Horror movie fans can better handle pandemic stress, study finds

The COVID-19 pandemic has greatly increased stress levels among the general public — the concerns range from unemployment to more extreme things like fears about the breakdown of society or widespread death. New research has found that some people are better able to handle this stress than others, and they're also more likely to love horror movies.

The idea that horror movies and other scary materials may help someone psychologically prepare for and cope with a future real-life situation isn't new. Horror movies, haunted houses, and other scary things are a safe way for someone to experience a threatening scenario, work out their emotions related to it, and even inspire ideas on how the one would handle these problems themselves.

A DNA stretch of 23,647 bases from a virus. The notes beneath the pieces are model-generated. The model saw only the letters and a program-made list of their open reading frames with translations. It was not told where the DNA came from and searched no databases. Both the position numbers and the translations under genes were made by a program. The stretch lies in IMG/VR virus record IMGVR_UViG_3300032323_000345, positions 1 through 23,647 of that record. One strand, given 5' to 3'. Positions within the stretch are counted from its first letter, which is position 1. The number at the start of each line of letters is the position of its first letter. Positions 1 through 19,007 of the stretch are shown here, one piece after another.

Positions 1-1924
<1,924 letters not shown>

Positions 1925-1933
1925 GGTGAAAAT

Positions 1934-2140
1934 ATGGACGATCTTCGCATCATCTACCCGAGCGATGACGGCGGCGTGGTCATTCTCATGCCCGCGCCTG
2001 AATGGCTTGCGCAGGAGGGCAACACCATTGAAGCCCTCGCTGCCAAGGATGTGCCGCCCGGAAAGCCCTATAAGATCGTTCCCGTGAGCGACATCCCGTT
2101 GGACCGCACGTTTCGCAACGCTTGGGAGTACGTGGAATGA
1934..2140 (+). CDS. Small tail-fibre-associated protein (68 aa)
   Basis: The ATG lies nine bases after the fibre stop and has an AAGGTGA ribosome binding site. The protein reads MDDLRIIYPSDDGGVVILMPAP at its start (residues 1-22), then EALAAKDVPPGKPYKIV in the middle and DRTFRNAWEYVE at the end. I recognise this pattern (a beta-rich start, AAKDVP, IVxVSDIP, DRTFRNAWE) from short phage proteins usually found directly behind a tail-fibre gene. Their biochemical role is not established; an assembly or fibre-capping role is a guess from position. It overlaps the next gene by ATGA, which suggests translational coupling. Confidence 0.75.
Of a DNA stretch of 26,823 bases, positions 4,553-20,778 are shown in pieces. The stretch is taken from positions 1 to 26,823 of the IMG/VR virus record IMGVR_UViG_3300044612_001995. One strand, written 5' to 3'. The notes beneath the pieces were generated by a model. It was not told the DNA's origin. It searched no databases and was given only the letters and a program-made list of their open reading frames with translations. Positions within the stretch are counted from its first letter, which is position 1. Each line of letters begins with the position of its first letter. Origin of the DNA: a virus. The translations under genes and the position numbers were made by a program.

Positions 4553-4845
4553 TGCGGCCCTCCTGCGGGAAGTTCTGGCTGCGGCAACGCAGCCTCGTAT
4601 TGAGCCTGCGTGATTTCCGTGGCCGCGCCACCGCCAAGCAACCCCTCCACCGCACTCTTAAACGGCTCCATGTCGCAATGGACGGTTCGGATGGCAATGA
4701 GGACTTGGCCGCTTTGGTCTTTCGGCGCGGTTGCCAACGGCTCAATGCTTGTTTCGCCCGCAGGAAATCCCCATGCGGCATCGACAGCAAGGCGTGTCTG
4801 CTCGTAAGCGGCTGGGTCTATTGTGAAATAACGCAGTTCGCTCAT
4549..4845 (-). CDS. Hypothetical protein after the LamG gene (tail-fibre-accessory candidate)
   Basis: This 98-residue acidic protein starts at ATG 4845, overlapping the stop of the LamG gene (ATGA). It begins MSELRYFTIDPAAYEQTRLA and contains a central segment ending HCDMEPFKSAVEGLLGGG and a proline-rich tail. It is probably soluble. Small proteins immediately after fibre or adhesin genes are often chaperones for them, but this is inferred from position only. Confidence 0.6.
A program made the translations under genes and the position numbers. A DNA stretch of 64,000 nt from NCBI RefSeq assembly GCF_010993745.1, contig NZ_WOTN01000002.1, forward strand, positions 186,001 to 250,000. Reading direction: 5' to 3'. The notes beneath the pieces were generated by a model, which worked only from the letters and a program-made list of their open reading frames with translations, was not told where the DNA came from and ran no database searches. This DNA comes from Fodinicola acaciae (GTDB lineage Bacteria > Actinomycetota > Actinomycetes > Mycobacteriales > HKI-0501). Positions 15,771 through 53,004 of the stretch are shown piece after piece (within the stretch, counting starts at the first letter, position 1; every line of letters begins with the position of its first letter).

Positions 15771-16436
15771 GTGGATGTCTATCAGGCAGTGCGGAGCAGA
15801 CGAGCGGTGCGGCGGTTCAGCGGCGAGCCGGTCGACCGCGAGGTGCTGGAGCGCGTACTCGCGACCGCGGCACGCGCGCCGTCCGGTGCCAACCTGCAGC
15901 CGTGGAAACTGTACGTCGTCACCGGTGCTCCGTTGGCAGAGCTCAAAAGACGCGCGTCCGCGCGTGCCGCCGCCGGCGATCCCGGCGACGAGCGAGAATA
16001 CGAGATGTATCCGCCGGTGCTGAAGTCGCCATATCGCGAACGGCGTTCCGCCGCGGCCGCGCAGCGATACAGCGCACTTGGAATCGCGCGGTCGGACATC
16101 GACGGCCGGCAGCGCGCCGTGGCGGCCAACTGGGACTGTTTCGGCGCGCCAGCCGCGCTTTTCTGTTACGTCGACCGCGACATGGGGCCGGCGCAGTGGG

This may explain why the older movie Contagion, which tells a story of a somewhat more dramatic coronavirus pandemic, skyrocketed in popularity earlier this year as the pandemic status grew more certain. The movie provided the public with a look at an unfamiliar scenario, potentially helping them feel more capable of handling the real pandemic as it played out.

A newly 'pre-printed' study has found that people who like to watch horror movies and who are, generally speaking, of the "morbidly curious" sort, are more resistant to the stresses of the COVID-19 pandemic. The researchers state that viewing these movies may be a type of coping strategy that helps prepare someone for adverse events.

The study found that people who describe themselves as fans of horror movies are more resilient toward the global pandemic compared to those who aren't fans. As well, horror fans who particularly like movies based on 'prepping' of some sort, such as zombie and apocalyptic movies, were not only more resilient but also more likely to be prepared for the pandemic.